Stay Calm and…

I will admit, I am a news junkie, I don’t watch the new too much or ever watch the local news, but I do read several news sites from top to bottom and even one that is overseas for a balanced update of events. 
When I was young, we watched Walker Cronkite at 6 pm but that was pretty sterile and nowhere close to what we get today which at times is a shame.  News can become addicting and will pull you down into a funk if you let it.  In the last week or so, I have seen things on the world news that is so common place for some but it would send a gasp through me and literally made me sick to my stomach and I’ve ask myself “how can this happen”.  The only think that helps me is that I believe whatever goes around comes around and in the end we will all face our maker and answer to our transgressions and I think some of us may be pleasantly surprised or tragically stunned but we all have a choice. 
With that being said, how do we get out of the whirlwind of the news…? What is the answer to calming our heart and minds?  Nothing that we physically do, can change a thing in world events and the more we think about the turmoil, the worse it seems to me at times, so what do we physically do?

The answer is usually in my lap or laying at my feet and how many times have we missed the opportunity to be comforted?   Is this one of the reasons that we have dogs?  They have many purposes but the one that works for me, calms me and shows me my faults is usually close by.  Just last night, I was sitting in a chair out on the porch trying to cool off and relax.  As usual, several dogs were trying to squeeze into my lap or lick my face and I wanted to just relax.  Doc is the ultimate lover and the one who will knock me out of the chair trying to get on top of me, just to be near.  This time, he squeezed his head between the arm rest and seat, picking up his head nearly turning me over.  “Doc be still” and he walked away dejected because he felt reprimanded and I guess he was.  After a few minutes, I got up and went to him and gave him what he wanted… just some attention and love which he gladly accepted.  Abby kept poking my arm as I type this so I pulled another chair over just so she could sit with me. 
For me, when the day is done or we’re ready to relax, they all have their way to teach me the meaning of life and this is what I have learned from them if I would just watch and listen…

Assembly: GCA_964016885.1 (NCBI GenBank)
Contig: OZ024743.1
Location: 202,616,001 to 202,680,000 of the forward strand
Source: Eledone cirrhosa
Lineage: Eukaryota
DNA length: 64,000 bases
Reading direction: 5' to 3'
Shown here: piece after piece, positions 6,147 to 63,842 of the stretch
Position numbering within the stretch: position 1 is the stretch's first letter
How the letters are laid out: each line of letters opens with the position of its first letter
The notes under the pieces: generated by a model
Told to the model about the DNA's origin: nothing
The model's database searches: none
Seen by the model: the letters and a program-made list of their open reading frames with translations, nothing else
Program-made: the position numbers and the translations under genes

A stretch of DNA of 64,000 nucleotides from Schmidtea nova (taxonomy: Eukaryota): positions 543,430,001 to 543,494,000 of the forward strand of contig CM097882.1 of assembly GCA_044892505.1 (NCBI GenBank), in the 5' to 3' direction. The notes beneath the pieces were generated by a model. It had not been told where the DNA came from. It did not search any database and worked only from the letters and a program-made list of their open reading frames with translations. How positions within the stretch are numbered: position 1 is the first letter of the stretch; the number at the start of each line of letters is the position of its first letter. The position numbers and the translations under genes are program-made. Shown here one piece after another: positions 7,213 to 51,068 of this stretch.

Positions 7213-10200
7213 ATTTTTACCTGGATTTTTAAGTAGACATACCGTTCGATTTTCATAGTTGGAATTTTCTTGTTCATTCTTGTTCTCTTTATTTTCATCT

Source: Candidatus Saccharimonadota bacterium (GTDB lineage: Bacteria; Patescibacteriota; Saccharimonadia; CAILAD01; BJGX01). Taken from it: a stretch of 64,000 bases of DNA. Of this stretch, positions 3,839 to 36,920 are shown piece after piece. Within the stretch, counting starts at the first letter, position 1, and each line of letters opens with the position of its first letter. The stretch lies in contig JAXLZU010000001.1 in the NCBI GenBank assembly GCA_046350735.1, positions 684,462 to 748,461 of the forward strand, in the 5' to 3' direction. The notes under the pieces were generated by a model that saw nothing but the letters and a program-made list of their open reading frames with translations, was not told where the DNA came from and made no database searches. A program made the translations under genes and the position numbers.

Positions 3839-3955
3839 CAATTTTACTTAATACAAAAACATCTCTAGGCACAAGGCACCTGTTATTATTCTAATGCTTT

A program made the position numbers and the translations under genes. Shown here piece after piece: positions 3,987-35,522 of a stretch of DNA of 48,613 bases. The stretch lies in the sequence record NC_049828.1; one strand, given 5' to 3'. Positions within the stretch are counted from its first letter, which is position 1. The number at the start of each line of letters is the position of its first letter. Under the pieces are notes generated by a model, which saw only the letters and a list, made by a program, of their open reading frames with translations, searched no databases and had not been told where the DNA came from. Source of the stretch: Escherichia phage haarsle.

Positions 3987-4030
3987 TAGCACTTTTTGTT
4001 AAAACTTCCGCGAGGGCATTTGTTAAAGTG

1. Live in the moment...

2. Overcome fear with love...

3. Don't hold grudges..

4. Play every day...

5. Jump for joy when you're happy...

6. Accept yourself...

7. Enjoy the journey...

8. Eat good...

9. Be loyal and dependable...

10. Love unconditionally...

No matter what, dogs love us unconditionally. They wag their tails or lick our face when they see us, no matter what mood we’re in. They still want to give you big wet kisses or get in your lap, even if you've just yelled at them. And they instantly forgive you no matter how you behave. Loving others unconditionally is a difficult task, but it's the one that would surely make the world a better place if we all just tried and listened.

Everyone should have a dog just to teach us how to live, but it only works if we follow their advice…   Ken

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Back Home...

Everything was packed in the Jeep the night before and we packed the essentials the morning we left.  I had planned to leave at 8 am and we actually got on the road about 7:30 which was a first.  Elaine did a great job getting everything ready and taking care of me by packing my stuff.  She will work on packing for days and when it comes to me, I put the suitcase in the middle of the bed, and open the chest of drawer… shorts, tee shirts, socks...OK I’m ready.  Elaine does everything else and I will tell you, she does a fine job.  Off we were, Clancy and Abby were in the back of the Jeep, ready to go.  Both are excellent riders and right away snuggled in the back of the vehicle on their dog beds and off to sleep.  No more than 2 minutes into the trip, Elaine asked me if I brought my pillows…which she reminded me to do.  “No” I forgot, but there is always Walmart and we now have new pillows thanks to my forgetfulness…  The drive was uneventful and we made good time to Michigan and was at the beach in no time.  After unpacking, off the beach we went.